Cheers, John

Tue Nov 19 19:45 2019 NZDT
GPS: 34 36.052s 174 11.034e
Run: 35.4nm (64.1km)
Avg: 6.7knts
24hr: 161.8nm
Weather: as at 1915 hrs 19/11/19. Wow, what a difference several hours make. All the horrible weather discussed in my last post lasted about 6 hrs. Then early this afternoon we punched through the front. It was like going through the looking glass. One side was dark, windy, uncomfortable bumpy seas. On the other side conditions could not be more different. Wind shifted from SE to now being SSW, all under 10 kts, even as low as 5 kts. Sea has become flat with 1 mtr SE long period rolling swell. There is 50% cloud cover, with patches of blue between, and the sun is out. COG 165T. SOG 6.2 kts.

as of 1915 hrs 19/11/19. Now, the real reason for this second post of the day. In my last I said we were headed for Opua to check in. Things have again changed. Hey, it's cruising. We're now headed for Marsden Cove, our original destination, because of the favourable change of weather conditions. From Marsden it is an easy day sail to our home port at Gulf Harbour Marina. Due to lack of wind we continue to motor - with a sail up that doesn't do much except keep the boat from rolling. With 85 nm to go, our expected ETA at Marsden is 1030-1130 tomorrow morning. Leilani and I are looking forward to watchless nights of sleep.

Cheers, John

Tue Nov 19 14:30 2019 NZDT
GPS: 34 07.030s 173 58.876e
Run: 171nm (309.5km)
Avg: 6.8knts
24hr: 162.9nm
Weather: as at 1345 hrs 19/11/19. In a word, HORRIBLE. Up to yesterday we enjoyed motoring in light winds and calm seas. Last night we hit the front, or I should say it hit us like a brick wall - that's accepted meteorological terminology. Winds SE 18-25 kts. Swell SE 2 mtr, but somewhat confused, lumpy & bumpy. 100% cloud cover. Baro plummeted to 1010 from 1015 24 hrs ago. Temperature has dropped to point I can't sunbathe in the cockpit anymore. Welcome to NZ.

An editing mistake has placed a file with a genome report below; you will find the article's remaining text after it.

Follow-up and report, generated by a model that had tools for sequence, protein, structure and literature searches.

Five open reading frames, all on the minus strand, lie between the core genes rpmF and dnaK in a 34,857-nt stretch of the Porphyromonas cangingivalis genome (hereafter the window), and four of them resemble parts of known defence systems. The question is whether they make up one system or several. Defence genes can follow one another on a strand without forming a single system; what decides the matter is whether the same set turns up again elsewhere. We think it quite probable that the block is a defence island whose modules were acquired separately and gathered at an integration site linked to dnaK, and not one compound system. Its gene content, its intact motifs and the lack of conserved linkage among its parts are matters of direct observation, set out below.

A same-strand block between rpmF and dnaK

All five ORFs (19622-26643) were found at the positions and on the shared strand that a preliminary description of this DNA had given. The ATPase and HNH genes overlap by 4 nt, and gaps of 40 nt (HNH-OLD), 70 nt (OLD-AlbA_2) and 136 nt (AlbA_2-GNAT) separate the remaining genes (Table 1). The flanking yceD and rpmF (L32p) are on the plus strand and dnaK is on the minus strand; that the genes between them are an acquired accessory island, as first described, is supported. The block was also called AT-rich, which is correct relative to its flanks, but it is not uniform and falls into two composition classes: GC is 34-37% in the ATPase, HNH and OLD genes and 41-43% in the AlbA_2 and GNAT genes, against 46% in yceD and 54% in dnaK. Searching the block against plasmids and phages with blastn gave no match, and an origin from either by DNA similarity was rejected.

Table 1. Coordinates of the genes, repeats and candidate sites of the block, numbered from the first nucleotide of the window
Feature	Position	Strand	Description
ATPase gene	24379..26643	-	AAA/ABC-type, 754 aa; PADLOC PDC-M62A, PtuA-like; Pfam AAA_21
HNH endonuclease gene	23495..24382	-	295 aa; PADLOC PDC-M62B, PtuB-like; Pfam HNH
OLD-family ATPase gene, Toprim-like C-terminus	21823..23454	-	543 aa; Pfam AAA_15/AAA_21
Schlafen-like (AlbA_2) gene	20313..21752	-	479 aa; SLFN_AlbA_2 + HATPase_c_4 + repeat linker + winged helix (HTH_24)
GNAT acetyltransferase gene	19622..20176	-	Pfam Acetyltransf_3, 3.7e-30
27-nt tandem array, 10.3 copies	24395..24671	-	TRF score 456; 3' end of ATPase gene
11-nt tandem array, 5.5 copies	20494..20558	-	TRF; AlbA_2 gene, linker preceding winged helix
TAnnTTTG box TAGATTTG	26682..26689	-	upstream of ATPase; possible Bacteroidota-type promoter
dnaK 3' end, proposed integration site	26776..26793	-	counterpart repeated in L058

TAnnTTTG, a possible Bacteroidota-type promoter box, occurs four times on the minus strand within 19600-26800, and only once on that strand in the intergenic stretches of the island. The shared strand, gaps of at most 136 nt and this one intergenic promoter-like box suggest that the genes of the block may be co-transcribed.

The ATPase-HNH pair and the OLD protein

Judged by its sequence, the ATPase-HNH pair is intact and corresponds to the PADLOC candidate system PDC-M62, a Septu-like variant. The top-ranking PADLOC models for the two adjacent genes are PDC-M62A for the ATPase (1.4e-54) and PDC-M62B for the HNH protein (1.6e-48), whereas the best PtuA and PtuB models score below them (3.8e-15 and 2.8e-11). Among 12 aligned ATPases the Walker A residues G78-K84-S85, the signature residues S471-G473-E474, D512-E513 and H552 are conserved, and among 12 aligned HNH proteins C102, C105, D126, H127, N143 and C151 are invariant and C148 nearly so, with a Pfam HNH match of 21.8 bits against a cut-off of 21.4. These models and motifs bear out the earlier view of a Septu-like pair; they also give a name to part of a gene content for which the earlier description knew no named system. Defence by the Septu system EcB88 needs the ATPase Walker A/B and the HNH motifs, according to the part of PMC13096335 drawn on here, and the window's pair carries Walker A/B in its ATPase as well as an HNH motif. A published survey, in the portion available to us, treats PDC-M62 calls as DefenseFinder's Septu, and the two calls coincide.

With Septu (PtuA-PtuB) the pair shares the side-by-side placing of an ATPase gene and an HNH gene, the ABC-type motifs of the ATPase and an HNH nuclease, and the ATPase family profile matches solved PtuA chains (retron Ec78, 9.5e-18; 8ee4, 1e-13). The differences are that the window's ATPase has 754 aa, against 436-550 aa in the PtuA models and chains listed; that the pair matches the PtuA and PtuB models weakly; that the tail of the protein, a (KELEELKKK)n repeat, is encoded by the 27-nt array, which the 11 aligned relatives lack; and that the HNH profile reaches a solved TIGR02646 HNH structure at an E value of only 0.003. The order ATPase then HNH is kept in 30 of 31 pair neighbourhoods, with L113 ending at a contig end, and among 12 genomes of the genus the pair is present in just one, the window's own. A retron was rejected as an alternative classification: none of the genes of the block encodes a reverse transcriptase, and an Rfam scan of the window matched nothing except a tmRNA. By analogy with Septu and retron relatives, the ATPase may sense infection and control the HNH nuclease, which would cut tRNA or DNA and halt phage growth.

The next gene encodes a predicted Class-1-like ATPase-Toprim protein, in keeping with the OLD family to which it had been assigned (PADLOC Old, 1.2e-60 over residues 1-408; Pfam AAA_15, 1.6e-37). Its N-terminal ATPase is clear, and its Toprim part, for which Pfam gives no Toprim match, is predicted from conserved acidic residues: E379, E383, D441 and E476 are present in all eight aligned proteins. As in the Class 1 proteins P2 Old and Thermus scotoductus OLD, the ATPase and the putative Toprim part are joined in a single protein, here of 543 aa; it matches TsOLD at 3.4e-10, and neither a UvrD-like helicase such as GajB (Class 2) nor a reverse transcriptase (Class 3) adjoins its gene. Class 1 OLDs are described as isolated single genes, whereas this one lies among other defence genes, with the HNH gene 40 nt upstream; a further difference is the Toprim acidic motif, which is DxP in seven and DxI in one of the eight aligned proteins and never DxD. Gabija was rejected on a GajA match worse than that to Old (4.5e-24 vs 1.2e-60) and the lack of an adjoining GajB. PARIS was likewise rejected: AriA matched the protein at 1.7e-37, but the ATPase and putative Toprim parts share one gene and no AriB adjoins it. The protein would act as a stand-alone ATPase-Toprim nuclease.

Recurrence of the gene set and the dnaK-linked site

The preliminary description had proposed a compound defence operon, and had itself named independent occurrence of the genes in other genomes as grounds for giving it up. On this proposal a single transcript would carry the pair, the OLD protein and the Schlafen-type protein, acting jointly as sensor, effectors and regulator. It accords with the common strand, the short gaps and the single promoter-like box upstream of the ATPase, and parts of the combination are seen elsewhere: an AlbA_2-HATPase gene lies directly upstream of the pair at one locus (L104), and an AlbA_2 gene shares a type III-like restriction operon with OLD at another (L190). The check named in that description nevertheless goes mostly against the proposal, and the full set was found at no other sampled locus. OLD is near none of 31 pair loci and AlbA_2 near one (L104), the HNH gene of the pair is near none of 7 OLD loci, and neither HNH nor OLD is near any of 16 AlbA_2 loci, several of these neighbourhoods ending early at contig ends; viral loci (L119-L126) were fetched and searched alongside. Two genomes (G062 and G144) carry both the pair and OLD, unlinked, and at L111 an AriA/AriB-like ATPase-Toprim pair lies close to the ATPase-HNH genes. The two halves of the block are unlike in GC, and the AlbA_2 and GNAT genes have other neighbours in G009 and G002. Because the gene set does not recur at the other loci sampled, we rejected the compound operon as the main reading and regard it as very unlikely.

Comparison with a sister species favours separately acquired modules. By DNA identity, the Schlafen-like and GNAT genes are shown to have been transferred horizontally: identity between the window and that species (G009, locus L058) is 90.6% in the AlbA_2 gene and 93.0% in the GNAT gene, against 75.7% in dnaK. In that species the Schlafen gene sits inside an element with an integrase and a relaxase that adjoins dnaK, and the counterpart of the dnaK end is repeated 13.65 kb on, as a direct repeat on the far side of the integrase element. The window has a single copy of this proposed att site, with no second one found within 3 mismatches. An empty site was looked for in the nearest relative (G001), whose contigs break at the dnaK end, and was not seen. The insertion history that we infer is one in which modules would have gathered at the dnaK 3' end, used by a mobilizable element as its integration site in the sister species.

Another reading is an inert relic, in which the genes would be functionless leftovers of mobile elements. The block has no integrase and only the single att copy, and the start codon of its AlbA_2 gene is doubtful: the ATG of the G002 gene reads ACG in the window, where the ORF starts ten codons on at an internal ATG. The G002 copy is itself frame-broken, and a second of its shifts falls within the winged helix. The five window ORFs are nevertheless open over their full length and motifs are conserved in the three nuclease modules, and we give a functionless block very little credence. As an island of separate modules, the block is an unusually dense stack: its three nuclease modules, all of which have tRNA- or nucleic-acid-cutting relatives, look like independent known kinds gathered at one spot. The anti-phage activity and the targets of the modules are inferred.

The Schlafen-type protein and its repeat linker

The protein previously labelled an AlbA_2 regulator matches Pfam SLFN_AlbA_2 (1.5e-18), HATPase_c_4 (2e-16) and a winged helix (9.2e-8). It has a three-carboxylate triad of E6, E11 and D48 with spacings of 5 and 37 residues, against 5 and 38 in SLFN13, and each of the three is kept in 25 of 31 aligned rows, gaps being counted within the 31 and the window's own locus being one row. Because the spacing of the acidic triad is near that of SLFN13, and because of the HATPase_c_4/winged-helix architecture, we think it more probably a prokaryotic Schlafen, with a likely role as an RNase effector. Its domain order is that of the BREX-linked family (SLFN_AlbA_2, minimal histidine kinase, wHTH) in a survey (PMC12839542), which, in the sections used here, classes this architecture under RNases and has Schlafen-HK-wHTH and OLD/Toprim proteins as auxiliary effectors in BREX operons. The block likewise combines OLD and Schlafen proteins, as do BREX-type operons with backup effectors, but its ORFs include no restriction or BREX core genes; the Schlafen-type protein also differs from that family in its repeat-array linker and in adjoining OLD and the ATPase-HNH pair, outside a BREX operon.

as at 1345 hrs 19/11/19. As you can see from the weather report, we are getting some uncomfortable weather. Nothing we, and the boat, can't handle. But after so many calm days, it is a bit of a culture shock to be bounced around as if we are in wash cycle. Our plans to enter NZ at Marsden Cove Marina have been dashed. The wind is pushing us away from there and if we tried to make it we couldn't arrive tomorrow. So, as happens in cruising, plans changed solely due to weather considerations. We are headed for Opua., only 72.6nm away. We will be banging into this weather front most of the way, and based upon our current speed and course, our GPS has miraculously calculated arrival at the check-in dock at 0630 tomorrow morning. That time could slip, but it shouldn't be by much. That means breakfast at the dock. Once checked in we will go out to an anchorage at one of the islands in the Bay of Islands and wait for a good window to head south to home port. I did end up bringing a Fiji souvenior with me - a head cold. I haven't had one in years. I'm convinced the Customs lady gave it to me. I went to the customs office at the marina, which is a small temporary building. Throughout the check-out procedure she coughed, hacked, sneeezed, and spewed constantly into a hankerchief. Now I'm coughing, hacking, sneezing, and spewing constantly into my shirt sleeve. Okay, I know, TMI.